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  • Payment Structure: PMI premiums are often paid monthly as part of the mortgage payment, whereas LMI premiums can be paid upfront or capitalized into the loan.
  • Termination: PMI can often be canceled once the borrower’s equity reaches a certain threshold (usually 20%), while LMI typically remains in place for the life of the loan.
  • Regulation: The regulation of PMI can be more stringent in some areas, providing more standardized protections for borrowers.

 Regulatory Aspects and Market Variations

The requirements and specifics of LMI vary by country and region. For example, in Australia, LMI is a common feature of the mortgage market and is regulated by the Australian Prudential Regulation Authority (APRA). In contrast, in countries like Canada, mortgage default insurance (the equivalent of LMI) is mandatory for down payments between 5% and 19.99% and is regulated by the Canada Mortgage and Housing Corporation (CMHC) alongside private insurers.

Alternatives to LMI

For borrowers who wish to avoid LMI, there are a few potential alternatives:

  1. Larger Down Payment: By saving up to meet the 20% down payment threshold, borrowers can avoid needing LMI.
  2. Guarantor Loans: Some lenders offer loans where a family member can act as a guarantor, providing additional security and potentially eliminating the need for LMI.
  3. Shared Equity Schemes: Some government programs offer shared equity schemes, where the government or a non-profit organization helps cover part of the purchase price in exchange for a stake in the property. This expanded on further down.

Waived Mortgage Insurance

There are some cases where clients can waive mortgage insurance. Certain professions, such as Medical, Lawyers, and Accountants, can have the LMI waived with as little as a 10% deposit. Initially,  this was referred to as the medical package, but recently, lenders have included other professions in this feature, and this list seems to be evolving.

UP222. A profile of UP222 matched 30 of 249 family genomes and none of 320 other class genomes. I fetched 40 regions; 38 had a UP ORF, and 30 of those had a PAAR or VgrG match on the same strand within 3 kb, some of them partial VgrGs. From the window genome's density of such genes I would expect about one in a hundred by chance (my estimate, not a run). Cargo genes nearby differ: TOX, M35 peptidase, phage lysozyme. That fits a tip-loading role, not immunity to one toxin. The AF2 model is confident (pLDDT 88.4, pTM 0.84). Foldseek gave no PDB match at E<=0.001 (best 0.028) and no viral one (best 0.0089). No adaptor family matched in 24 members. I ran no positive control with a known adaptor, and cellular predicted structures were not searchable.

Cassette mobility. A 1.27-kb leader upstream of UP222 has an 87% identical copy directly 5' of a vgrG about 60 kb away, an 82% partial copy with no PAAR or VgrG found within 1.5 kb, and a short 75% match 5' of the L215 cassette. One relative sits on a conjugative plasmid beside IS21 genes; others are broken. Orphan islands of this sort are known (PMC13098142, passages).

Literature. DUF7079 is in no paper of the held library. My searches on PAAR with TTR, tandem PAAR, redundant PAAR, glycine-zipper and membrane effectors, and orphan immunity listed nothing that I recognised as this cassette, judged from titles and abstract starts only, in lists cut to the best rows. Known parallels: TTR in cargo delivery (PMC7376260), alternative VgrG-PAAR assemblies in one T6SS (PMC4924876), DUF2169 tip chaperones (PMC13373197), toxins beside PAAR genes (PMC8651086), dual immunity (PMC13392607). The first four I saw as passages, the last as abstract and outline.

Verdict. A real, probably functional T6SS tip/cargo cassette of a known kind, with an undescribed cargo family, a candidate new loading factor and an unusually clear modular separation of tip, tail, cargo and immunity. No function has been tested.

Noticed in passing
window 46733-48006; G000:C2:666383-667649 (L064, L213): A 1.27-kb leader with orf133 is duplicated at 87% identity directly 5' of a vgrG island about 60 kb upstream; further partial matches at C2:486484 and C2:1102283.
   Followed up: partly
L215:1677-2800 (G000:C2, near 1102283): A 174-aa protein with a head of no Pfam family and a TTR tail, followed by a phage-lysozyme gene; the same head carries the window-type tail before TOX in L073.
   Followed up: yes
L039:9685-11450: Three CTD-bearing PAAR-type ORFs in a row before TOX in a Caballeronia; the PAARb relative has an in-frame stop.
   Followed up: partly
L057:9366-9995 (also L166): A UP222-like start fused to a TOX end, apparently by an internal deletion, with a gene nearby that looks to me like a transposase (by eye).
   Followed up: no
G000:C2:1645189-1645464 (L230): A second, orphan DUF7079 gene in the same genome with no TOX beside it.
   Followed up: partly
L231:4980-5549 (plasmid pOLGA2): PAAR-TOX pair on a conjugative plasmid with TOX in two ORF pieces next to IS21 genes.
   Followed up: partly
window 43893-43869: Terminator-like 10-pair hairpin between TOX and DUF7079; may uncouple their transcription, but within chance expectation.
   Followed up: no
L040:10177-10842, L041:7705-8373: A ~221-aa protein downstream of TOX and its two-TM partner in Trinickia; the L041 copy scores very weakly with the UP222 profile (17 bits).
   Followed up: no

There are a small number of lenders that offer other initiatives around mortgage insurance. A couple of lenders offer 85% loans without LMI. There are also lenders like Keystart that the Government backs. They offer 98% loans with no mortgage Insurance. Usually, the interest rate is higher than the traditional home loan lender’s to cover the risk, and the lending policies are stricter.
Additionally, there are State Government Schemes such as shared equity, where the Government provides a percentage of the deposit for shared ownership in the property or Low Deposit Schemes where the Government guarantees mortgage insurance to the lender to help the consumer, reducing the deposit requirement to just 5%. While there are strict policies to adhere to, these schemes offer a secure and reassuring path to homeownership.

It’s important to note that not all lenders provide the aforementioned features, and they are not always well advertised. This underscores the necessity of seeking advice from a professional Mortgage Broker, who can guide and support you in navigating these complex options.


Lenders Mortgage Insurance plays a crucial role in the mortgage industry by facilitating higher-risk loans, enabling more individuals to achieve homeownership. While it adds cost for borrowers, the benefits of entering the property market sooner can outweigh the disadvantages for many. Understanding the specifics of LMI, including its costs, benefits, and alternatives, is essential for prospective homeowners to make informed decisions about their mortgage options.


Contact us now to learn more about Lenders Mortgage Insurance.